Initiative aimed at holding Sonics to KeyArena lease
A fan group filed an initiative Thursday that would prohibit Seattle officials from allowing Sonics owners to buy their way out of the team's...
Seattle Times staff reporter
A fan group filed an initiative Thursday that would prohibit Seattle officials from allowing Sonics owners to buy their way out of the team's KeyArena lease before it ends in 2010.
The initiative campaign, dubbing itself the A Deal Is A Deal committee, drew strange partners to a press conference at a Queen Anne comedy club.
Anti-arena activist Chris Van Dyk was on hand to endorse the measure, saying the Sonics should be held to the terms of the lease deal agreed to by the team as part of a major KeyArena renovation in 1995.
"They belong at KeyArena. They need to stay at KeyArena," said Van Dyk, who ran a successful initiative last year to restrict tax subsidies for the Sonics.
Brian Robinson, co-founder of Save Our Sonics and Storm, said he reached out to Van Dyk for advice on the initiative process and found "we had a lot of common ground" on the issue of the Sonics lease.
The new initiative, tentatively labeled Seattle Initiative 93, needs nearly 18,000 signatures from registered Seattle voters to qualify for the ballot and would not go to voters until next February.
Thursday's news conference, attended by a smattering of Sonics and Storm fans and a few local business owners, was held at the Mainstage Comedy Club, across the street from KeyArena.
Club owner Julie Mains said losing the basketball teams would have "a devastating impact" on her business and others across the city and state.
Save Our Sonics and Storm co-founder Steve Pyeatt said he hopes the initiative will serve to "lock the door" behind Sonics owner Clay Bennett and city officials, and force both sides to compromise.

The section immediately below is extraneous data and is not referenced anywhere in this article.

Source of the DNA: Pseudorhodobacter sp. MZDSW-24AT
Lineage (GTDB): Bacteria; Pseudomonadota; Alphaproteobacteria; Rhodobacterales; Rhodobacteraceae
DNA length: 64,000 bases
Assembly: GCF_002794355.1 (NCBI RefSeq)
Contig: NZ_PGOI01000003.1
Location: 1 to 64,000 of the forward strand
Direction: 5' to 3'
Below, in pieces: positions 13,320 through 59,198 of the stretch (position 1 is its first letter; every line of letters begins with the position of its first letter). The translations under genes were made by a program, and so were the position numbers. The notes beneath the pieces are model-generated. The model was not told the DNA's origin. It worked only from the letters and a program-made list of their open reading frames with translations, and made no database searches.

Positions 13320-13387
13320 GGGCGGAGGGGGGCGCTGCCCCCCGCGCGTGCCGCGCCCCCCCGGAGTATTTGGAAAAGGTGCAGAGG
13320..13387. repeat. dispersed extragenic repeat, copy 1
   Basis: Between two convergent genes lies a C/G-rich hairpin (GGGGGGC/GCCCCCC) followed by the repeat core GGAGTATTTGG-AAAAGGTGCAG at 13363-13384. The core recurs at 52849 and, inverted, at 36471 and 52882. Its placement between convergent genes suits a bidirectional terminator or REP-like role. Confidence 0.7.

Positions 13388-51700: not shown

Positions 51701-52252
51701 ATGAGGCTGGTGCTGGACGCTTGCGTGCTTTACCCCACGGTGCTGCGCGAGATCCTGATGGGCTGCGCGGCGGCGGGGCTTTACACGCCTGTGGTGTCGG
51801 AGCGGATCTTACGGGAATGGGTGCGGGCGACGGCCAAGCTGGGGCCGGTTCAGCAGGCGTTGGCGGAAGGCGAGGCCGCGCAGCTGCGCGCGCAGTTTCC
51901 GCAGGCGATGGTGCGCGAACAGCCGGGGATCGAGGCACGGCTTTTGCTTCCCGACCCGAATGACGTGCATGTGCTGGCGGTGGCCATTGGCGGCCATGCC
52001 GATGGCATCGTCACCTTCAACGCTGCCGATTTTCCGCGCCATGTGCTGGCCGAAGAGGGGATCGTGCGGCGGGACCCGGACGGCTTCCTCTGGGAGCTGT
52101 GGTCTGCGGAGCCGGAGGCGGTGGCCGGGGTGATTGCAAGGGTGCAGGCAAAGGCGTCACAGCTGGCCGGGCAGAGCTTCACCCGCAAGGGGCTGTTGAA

So far, such a compromise doesn't seem likely. Bennett has called KeyArena obsolete and said he plans to explore an early buyout with the city. In an interview last week, Bennett said he does not believe KeyArena can work for the Sonics and Storm even with the $200 million expansion favored by previous team owners. He has said the teams will move to his hometown of Oklahoma City unless a new arena is built for them in Washington state.
It's unclear how much impact the initiative will have on KeyArena negotiations.
Seattle Mayor Greg Nickels has repeatedly said he intends to hold the Sonics to their lease through September 2010.
Nickels did waver slightly during a radio interview last week, suggesting he's not sure the city would ultimately prevail if the matter wound up in court. "We do not intend to make it easy for them to leave early or even in 2010 ... but we don't have complete control over that," he said in the interview on KJR-AM (950).
But initiative backers say Nickels does have the legal authority to reject any early buyout.
Seattle attorney Paul Schneiderman, who helped draft the measure, pointed to the lease's "specific performance clause" — language he says has helped other cities hold teams to the full terms of their leases.
The initiative will not have as much impact on the Seattle Storm. Its contains an opt-out clause allowing the team or city to end the agreement after any season, according to a Seattle Center spokesman.
Jim Brunner: 206-515-5628
Copyright © 2007 The Seattle Times Company
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